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"David Anthony Durham has serious chops. I can't wait to read whatever he writes next."--George R. R. MartinWelcome to Acacia . . . Born into generations of prosperity, the four royal children of the Akaran dynasty know little of the world outside their opulent island paradise. But when an assassin strikes at the heart of their power, their lives are changed forever. Forced to flee to distant corners and separated against their will, the children must navigate a web of hidden allegiances, ancient magic, foreign invaders, and illicit trade that will challenge their very notion of who they are. As they come to understand their true purpose in life, the fate of the world lies in their hands.
David Anthony Durham makes his literary debut with a haunting novel which, in the tradition of Cormac McCarthy's All the Pretty Horses, views the American West through a refreshingly original lens. Set in the 1870s, the novel tells the tale of Gabriel Lynch, an African American youth who settles with his family in the plains of Kansas. Dissatisfied with the drudgery of homesteading and growing increasingly disconnected from his family, Gabriel forsakes the farm for a life of higher adventure. Thus begins a forbidding trek into a terrain of austere beauty, a journey begun in hope, but soon laced with danger and propelled by a cast of brutal characters. Durham's accomplishment is not solely in telling one man's story. He also gives voice to a population seldom included in our Western lore and crafts a new poetry of the American landscape. Gabriel's Story is an important addition to the mosaic of our nation's mythology.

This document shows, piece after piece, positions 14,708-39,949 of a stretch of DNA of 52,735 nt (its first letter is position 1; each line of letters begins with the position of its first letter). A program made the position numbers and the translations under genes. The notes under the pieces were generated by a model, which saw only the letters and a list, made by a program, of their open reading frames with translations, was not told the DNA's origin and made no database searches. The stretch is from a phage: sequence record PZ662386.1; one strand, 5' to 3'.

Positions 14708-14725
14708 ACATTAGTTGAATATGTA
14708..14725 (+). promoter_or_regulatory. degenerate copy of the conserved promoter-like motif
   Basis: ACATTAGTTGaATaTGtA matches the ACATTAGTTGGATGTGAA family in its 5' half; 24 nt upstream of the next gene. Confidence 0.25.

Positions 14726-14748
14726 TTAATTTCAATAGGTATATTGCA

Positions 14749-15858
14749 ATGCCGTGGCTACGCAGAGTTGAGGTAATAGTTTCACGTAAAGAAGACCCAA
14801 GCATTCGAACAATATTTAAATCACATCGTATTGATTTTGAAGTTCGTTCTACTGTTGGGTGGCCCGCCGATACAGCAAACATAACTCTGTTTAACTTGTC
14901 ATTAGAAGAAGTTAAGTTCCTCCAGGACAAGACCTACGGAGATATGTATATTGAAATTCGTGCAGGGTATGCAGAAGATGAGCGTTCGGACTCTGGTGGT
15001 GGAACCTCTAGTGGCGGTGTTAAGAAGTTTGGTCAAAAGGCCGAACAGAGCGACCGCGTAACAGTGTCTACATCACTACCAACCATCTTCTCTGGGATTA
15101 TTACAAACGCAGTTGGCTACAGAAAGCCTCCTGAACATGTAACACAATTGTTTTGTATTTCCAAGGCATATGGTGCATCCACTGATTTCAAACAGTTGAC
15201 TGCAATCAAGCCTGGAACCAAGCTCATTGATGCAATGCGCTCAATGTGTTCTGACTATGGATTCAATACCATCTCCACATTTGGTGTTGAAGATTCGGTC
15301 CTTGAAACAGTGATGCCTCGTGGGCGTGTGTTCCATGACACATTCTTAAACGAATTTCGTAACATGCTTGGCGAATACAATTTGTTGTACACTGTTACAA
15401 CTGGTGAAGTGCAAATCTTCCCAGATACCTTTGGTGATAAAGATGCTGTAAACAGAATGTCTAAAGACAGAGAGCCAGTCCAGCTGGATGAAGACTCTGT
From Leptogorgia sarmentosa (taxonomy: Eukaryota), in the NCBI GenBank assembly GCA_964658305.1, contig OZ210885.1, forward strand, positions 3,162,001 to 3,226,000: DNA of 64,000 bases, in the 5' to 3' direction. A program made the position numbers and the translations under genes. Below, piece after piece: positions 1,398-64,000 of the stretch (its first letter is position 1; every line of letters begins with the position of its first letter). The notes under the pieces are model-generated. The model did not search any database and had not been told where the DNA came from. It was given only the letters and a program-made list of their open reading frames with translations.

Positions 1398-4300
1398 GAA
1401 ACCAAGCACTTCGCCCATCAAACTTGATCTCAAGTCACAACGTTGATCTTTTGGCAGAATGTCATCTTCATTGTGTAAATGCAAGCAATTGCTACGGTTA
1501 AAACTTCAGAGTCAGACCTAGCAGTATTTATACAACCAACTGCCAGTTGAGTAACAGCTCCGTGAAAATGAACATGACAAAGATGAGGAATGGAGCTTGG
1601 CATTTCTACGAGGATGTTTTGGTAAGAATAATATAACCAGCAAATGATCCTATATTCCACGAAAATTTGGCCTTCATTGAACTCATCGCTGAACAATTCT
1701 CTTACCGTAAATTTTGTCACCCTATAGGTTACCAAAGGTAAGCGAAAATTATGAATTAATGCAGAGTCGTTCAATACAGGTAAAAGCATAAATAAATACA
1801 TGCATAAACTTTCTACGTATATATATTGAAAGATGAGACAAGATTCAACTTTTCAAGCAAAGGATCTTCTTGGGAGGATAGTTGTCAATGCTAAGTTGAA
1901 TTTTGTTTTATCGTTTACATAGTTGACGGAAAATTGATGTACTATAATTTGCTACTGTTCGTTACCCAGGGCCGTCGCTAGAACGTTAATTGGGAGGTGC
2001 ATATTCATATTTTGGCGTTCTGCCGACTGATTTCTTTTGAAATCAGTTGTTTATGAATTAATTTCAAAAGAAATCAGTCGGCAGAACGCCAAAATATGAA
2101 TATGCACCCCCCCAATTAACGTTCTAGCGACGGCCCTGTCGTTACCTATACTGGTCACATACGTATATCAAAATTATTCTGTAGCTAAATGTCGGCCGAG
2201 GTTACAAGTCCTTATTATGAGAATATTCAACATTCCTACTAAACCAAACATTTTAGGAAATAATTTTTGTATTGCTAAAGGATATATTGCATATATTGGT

Durham offers the thrilling new installment in the ambitious Acacia trilogy, praised by the "Washington Post" as "gripping and sophisticated."
This epic retelling of the legendary Carthaginian military leader's assault on the Roman empire begins in Ancient Spain, where Hannibal Barca sets out with tens of thousands of soldiers and 30 elephants. After conquering the Roman city of Saguntum, Hannibal wages his campaign through the outposts of the empire, shrewdly befriending peoples disillusioned by Rome and, with dazzling tactics, outwitting the opponents who believe the land route he has chosen is impossible. Yet Hannibal's armies must take brutal losses as they pass through the Pyrenees mountains, forge the Rhone river, and make a winter crossing of the Alps before descending to the great tests at Cannae and Rome itself. David Anthony Durham draws a brilliant and complex Hannibal out of the scant historical record-sharp, sure-footed, as nimble among rivals as on the battlefield, yet one who misses his family and longs to see his son grow to manhood. Whether portraying the deliberations of a general or the calculations of a common soldier, vast multilayered scenes of battle or moments of introspection when loss seems imminent, Durham brings history alive.